November 28, 2017 – I have been listening to the holiday music being played at work very carefully as of late. After Black Friday, which started on Thanksgiving Thursday and ended Sunday evening, the store is relatively quiet and the music is the only sound that penetrates the hum of business. There are a number of observations I wish to make.
I need to note that very few of the selections made by the powers-that-be have to do with scripture. Most have to do with love won, lost and wish for. They have to do with presents to be placed under the tree or for things as wide-ranging as two front teeth to yachts and diamonds. However, songs concerning the birth of the child Jesus are few and far between.
There are songs which praise Santa Claus and his wonderful reindeer Rudolph. They are asking for material things that seem to have nothing to do with the true meaning of the holiday of Christmas. Yes, gifts were brought by the three wise men that were given to the child Jesus, but they were simple and kindly, not of great value other than the idea of the gift itself. The songs deal with the twelve days of Christmas, something invented by a Jewish songwriter.
I have been listening to the songs of winter, wishing for happy holidays, snow and family gatherings.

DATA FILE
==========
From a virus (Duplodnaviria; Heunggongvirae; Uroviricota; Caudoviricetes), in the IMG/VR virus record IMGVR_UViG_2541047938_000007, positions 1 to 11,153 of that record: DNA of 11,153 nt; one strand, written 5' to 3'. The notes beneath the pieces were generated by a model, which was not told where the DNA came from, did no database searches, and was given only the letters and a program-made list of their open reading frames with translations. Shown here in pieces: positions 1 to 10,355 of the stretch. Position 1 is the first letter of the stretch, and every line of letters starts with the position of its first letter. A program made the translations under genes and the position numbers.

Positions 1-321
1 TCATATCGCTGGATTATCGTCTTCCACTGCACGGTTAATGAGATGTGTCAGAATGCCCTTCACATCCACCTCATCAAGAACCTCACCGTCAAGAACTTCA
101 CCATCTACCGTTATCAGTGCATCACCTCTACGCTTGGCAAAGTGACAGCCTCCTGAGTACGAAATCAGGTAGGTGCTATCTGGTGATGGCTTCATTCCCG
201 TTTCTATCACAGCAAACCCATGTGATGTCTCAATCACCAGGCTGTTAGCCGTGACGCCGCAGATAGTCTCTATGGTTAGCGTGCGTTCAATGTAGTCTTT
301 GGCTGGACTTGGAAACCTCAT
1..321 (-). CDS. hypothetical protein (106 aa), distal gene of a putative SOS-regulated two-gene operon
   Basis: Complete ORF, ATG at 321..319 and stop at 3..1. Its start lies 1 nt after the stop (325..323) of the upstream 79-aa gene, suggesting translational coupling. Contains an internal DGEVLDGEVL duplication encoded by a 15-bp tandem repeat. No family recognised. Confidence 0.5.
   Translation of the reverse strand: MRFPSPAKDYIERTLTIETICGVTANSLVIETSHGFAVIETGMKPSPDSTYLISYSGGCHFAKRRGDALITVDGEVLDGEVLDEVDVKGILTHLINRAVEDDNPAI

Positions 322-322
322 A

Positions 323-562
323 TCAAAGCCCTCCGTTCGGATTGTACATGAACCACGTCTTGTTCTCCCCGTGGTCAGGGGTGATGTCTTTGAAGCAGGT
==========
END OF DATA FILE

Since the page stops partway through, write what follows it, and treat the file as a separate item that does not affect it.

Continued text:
They deal with a little drummer boy only bringing his talent and of gifts not mentioned in scripture. I am yet to hear a song of pure praise of the birth of Jesus of Nazareth.
I will not get into the fact that the child was most likely born in late March to early April and the holiday was moved by the church to usurp the pagan holidays of the winter solstice. Or that the Yule Tree and Yule Log are of the pagan origin.
Many retailers have come to despise the music, for they repeat the same songs by different singers over and over again.
Over the years I have come to know the wrong words to many of these songs. On the first day of Christmas my true love gave to me, a bagel with some creamed cheese.
I sing of Rudolph the quick draw cowboy and yell at the kid with the drums keeping the baby awake. I sing of Sammy Klaus, the great Jewish toy maker from Brooklyn. I do have a sick sense of humor.
Many in retail have a love/hate relationship with the music. Many are sick of the repeating songs and wish to get back to the mundane soft rock offered to our guests. Many of us curse the music inside our heads as “earworms,” repeating over and over again. Some sing along only to find their co-workers staring at them in confusion. Some love the sounds of Christmas, no matter how they are presented.
There are some 27 days until Christmas as of this writing. I know the music will continue through the New Year, digging deeper into my psyche, threatening my sanity for five more weeks.
I do wish the powers-that-be select songs from other cultures to play on occasion. I would love to hear some Cajun versions of Christmas, something in German or French would be nice once in a while. I would love to hear some of the classical songs written in the 18 and 19 centuries song by choirs. Just as long as the songs about grandma being run over by reindeer and by Alvin and the Chipmunks are left out of the fold. Anything to break the monotony of twelve versions of Winter Wonderland forced on us daily.